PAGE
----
It's easier to prune branches and thin fruit with a single trunk.  Ongoing tree maintenance is much easier when there is space between the branches and even horizontal branches that I can stand on when I'm reaching up into the tree.  Following from that: how many pomegranates can you really use?  We give away so many of them, juice so many of them, and eat a bunch, but even after aggressively thinning the fruit, we always have way more than we need.  These things are bigger than a softball—volume wise, it's a tremendously productive tree.  Every year I make it a goal to thin it so that we only keep 50 or so fruit, but inevitably, there are upwards of 100, and they are still huge.  So many end up on the ground.  At least the chickens like that but they are stinky once they begin to ferment.

Best of luck growing this tree in a non-sub-tropical climate.
 
Dan Boone
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Marco Banks wrote:My dear wife will stand at the kitchen window, and when a tree starts to lean, I can just see it in her body language: she'll tilt her head a couple of degrees, cross her arms, tilt her head back again, and then say, "Someone needs to put a rope on that tree and yank it back to vertical."  It just sets her on edge when a tree isn't growing straight, so I dutifully go out there an pull the tree back to upright and straight status.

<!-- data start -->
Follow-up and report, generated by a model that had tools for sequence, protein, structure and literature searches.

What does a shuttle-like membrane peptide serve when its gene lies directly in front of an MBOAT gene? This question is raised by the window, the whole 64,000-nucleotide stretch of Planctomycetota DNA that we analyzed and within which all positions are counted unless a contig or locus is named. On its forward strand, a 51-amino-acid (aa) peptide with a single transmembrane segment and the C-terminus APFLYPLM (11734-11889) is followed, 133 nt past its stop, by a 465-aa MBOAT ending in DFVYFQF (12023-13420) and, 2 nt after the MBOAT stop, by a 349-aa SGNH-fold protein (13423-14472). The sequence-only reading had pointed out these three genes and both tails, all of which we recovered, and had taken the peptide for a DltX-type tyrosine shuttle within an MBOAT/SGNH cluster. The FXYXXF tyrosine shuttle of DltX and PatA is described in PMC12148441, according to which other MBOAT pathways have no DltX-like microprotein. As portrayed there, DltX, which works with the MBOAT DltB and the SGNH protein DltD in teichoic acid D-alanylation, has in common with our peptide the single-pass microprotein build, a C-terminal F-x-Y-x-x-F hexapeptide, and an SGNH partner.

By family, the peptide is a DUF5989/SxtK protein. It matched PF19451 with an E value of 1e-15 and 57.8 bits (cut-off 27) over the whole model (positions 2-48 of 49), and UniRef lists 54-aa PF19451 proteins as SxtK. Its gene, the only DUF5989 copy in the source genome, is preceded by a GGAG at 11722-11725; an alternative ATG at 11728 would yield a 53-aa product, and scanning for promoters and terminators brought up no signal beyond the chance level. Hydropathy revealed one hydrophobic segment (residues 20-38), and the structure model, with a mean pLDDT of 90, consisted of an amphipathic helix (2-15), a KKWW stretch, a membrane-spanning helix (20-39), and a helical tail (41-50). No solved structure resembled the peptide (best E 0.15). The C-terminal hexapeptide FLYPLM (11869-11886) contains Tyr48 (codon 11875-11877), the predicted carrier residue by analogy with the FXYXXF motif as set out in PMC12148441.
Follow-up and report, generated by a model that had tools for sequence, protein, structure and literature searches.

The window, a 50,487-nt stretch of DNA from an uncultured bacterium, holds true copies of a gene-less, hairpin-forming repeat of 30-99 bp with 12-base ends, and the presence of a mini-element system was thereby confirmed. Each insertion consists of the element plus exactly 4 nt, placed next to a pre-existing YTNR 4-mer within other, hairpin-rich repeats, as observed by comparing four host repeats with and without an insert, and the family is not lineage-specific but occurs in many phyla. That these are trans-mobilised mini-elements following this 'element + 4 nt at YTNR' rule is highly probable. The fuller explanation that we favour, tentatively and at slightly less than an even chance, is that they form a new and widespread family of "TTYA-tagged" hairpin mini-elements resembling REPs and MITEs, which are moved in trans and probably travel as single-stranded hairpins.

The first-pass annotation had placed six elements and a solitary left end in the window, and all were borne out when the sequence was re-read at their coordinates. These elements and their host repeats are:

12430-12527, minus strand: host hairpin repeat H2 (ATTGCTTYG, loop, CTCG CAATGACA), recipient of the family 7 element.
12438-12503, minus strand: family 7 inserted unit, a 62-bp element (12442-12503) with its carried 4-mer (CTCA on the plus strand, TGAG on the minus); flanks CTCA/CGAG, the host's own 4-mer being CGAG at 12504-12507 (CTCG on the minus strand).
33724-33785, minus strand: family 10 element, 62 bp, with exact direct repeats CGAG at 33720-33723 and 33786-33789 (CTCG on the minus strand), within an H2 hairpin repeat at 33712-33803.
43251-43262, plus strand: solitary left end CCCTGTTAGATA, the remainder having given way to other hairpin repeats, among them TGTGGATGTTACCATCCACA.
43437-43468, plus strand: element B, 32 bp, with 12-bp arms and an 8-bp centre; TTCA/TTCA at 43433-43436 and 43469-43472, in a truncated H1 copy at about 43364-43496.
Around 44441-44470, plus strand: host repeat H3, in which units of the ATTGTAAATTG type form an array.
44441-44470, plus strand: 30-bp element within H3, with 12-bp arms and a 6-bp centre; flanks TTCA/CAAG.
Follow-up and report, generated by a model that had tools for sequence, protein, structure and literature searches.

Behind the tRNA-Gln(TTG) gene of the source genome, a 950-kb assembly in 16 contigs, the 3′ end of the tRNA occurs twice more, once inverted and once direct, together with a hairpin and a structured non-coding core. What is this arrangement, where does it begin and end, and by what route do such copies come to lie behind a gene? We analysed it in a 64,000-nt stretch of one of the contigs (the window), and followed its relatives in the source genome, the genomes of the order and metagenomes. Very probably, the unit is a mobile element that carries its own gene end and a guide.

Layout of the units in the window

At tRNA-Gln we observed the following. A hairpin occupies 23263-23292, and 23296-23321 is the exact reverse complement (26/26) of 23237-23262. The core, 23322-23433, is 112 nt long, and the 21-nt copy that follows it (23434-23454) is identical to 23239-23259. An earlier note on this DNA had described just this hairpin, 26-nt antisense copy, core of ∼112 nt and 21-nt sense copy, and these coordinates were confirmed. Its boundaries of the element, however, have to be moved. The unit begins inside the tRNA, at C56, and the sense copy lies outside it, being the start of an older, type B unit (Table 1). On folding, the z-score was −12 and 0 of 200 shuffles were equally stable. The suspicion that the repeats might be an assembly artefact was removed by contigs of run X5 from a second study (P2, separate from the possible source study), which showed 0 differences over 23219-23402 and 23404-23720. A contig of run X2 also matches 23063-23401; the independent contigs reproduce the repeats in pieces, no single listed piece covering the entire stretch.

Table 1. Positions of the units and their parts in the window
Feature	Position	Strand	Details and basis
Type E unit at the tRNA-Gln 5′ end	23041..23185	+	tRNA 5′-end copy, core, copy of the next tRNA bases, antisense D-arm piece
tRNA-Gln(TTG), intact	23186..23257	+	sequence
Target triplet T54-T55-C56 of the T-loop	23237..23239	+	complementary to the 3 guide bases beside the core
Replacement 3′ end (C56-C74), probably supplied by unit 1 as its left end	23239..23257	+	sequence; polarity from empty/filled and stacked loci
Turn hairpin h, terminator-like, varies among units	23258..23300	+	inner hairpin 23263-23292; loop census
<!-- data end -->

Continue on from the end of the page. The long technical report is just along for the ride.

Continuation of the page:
This made me laugh out loud.  It may not be the most logical reason for a orchard management decision but it's definitely the best reason.  If the wife isn't happy with what she sees from her kitchen window, there's only one thing to be done, and that's to go out and fix it -- whether or not it was ever broken!


Marco Banks wrote:Following from that: how many pomegranates can you really use?  We give away so many of them, juice so many of them, and eat a bunch, but even after aggressively thinning the fruit, we always have way more than we need.  These things are bigger than a softball—volume wise, it's a tremendously productive tree.  Every year I make it a goal to thin it so that we only keep 50 or so fruit, but inevitably, there are upwards of 100, and they are still huge.

 

By observation of the one productive tree in my town (which is on a rental property, and I don't think anybody uses the fruit or tends the tree) the utter lack of pruning or tree care lends itself to many hundreds of fruit being produces that are much smaller -- more like tangerine to baseball sized.  I have never been able to reach or contact anybody for permission to take cuttings or pick the fruit, but I've picked up a few fruit that reached the sidewalk and street (thank you, squirrels and crows!) and they are still tasty at that size.  The one thing I've read about doing with a huge fruit surplus is juicing and then boiling the juice down into a pomegranate molasses, which is a product I've seen for sale as a super-premium gourmet ingredient.  I imagine it's delicious, too.

Sadly at the speed my trees are growing I'm not sure they'll be productive on any great scale in my lifetime, assuming they even survive.  But I live in hope.  I've had other fruit trees here noodle along for four or five years doing next to nothing before exploding in growth, so maybe these will go like that.